Questions and Answers – Heart Valve Replacement (surgical) Heart Valve Disease

Should I get a mechanical valve or a tissue valve?

There are advantages and disadvantages with either choice. Your doctor can provide more details. A mechanical valve lasts longer than a tissue valve, but you'll have to be on blood-thinning medication for the rest of your life to reduce the risk of clots. The main advantage of a tissue valve is that it does not typically require this.

You and your doctor together will decide which option is best for you.

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How long will my heart valve last?

Mechanical valves in some patients have lasted as long as 25 years without problems.1 So, it is possible that your new artificial valve could last for the rest of your life. But in some cases, a valve has to be replaced within a matter of years or months, for a number of reasons.

Mechanical valves are more resistant to the constant demands on them, such as opening and closing each time your heart beats. The materials used in mechanical valves stand up well to this wear and tear.

Tissue valves don't tend to last as long as mechanical valves. They can tear and leak over time. Tissue valves usually have to be replaced after about 10 to 15 years,2 or more often in younger patients or children who may have outgrown their valves.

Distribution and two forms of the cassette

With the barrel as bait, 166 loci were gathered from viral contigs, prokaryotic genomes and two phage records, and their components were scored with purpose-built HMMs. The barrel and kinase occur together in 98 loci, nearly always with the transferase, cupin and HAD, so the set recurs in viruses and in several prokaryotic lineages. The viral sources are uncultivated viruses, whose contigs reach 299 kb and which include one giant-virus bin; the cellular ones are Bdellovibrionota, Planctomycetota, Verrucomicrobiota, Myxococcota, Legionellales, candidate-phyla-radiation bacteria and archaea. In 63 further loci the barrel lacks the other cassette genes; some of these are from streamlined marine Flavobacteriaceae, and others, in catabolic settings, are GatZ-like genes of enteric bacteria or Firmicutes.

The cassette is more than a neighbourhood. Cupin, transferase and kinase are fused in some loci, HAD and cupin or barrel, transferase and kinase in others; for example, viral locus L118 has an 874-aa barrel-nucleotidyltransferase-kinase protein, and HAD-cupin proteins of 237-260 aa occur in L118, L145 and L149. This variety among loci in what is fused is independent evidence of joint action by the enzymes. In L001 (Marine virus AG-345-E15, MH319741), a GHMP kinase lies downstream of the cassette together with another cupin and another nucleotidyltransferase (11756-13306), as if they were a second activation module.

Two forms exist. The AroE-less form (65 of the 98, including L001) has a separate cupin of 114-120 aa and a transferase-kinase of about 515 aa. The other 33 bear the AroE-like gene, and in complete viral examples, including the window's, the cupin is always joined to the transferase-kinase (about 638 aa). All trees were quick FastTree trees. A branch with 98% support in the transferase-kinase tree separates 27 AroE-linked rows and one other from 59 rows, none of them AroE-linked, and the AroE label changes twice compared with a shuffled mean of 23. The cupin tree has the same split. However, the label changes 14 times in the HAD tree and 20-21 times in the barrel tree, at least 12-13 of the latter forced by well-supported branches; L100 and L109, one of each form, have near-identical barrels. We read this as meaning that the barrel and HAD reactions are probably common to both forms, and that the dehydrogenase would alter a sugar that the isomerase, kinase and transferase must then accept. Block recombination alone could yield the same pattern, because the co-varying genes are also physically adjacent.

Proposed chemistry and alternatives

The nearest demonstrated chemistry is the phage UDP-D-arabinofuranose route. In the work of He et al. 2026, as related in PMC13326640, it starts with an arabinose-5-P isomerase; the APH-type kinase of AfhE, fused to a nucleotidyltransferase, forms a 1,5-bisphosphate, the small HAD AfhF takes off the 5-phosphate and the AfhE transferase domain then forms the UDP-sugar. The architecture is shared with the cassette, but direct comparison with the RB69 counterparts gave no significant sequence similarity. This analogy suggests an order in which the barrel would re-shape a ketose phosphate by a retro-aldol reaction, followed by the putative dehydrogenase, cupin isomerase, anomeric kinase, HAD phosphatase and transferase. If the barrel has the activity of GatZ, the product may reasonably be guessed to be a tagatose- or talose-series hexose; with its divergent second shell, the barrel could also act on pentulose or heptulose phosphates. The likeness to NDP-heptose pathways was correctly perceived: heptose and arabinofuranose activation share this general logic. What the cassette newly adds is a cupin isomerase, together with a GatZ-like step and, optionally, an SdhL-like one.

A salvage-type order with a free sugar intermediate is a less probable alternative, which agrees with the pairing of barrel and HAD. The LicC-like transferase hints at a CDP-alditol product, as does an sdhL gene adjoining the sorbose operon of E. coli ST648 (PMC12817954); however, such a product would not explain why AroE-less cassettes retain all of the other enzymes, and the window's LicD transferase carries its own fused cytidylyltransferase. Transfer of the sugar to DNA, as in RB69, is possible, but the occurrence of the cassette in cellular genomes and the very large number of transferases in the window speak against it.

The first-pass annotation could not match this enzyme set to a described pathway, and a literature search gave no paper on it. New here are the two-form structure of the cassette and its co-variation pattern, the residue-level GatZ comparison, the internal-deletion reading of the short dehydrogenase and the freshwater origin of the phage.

Fortunately, tissue valves wear out slowly so you and your doctor have time to plan for a new operation, if it is necessary.

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Will my new valve need special care?

Let your other doctors and your dentist know that you've had heart valve surgery. Ask whether you should take antibiotics before surgical or dental procedures to help prevent valve infections.

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Will a mechanical heart valve set off airport security?

No. Airport security systems have no effect on replacement valves. They are not likely to activate airport security alarms, depending on the sensitivity of the security settings.
Learn More: Transportation Safety Administration Website.

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Is it safe to have an x-ray after heart valve replacement?

All replacement heart valves are completely safe with x-ray examinations.

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Is it safe to have a magnetic resonance imaging scan after heart valve replacement?

Our replacement heart valves have been tested and found to be safe during a magnetic resonance imaging (MRI) scan. Contact Medtronic LifeLine CardioVascular Technical Support for more detailed information.

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Butchart EG, Hui-Hua L, Payne N, et al. Twenty years' experience with Medtronic Hall valve. J.Thorac Cardiovasc Surg. 2001; 121:1090-100.


Mosaic™ Bioprosthesis: Ten year clinical update. ©Medtronic, Inc. 2007

Information on this site should not be used as a substitute for talking with your doctor. Always talk with your doctor about diagnosis and treatment information.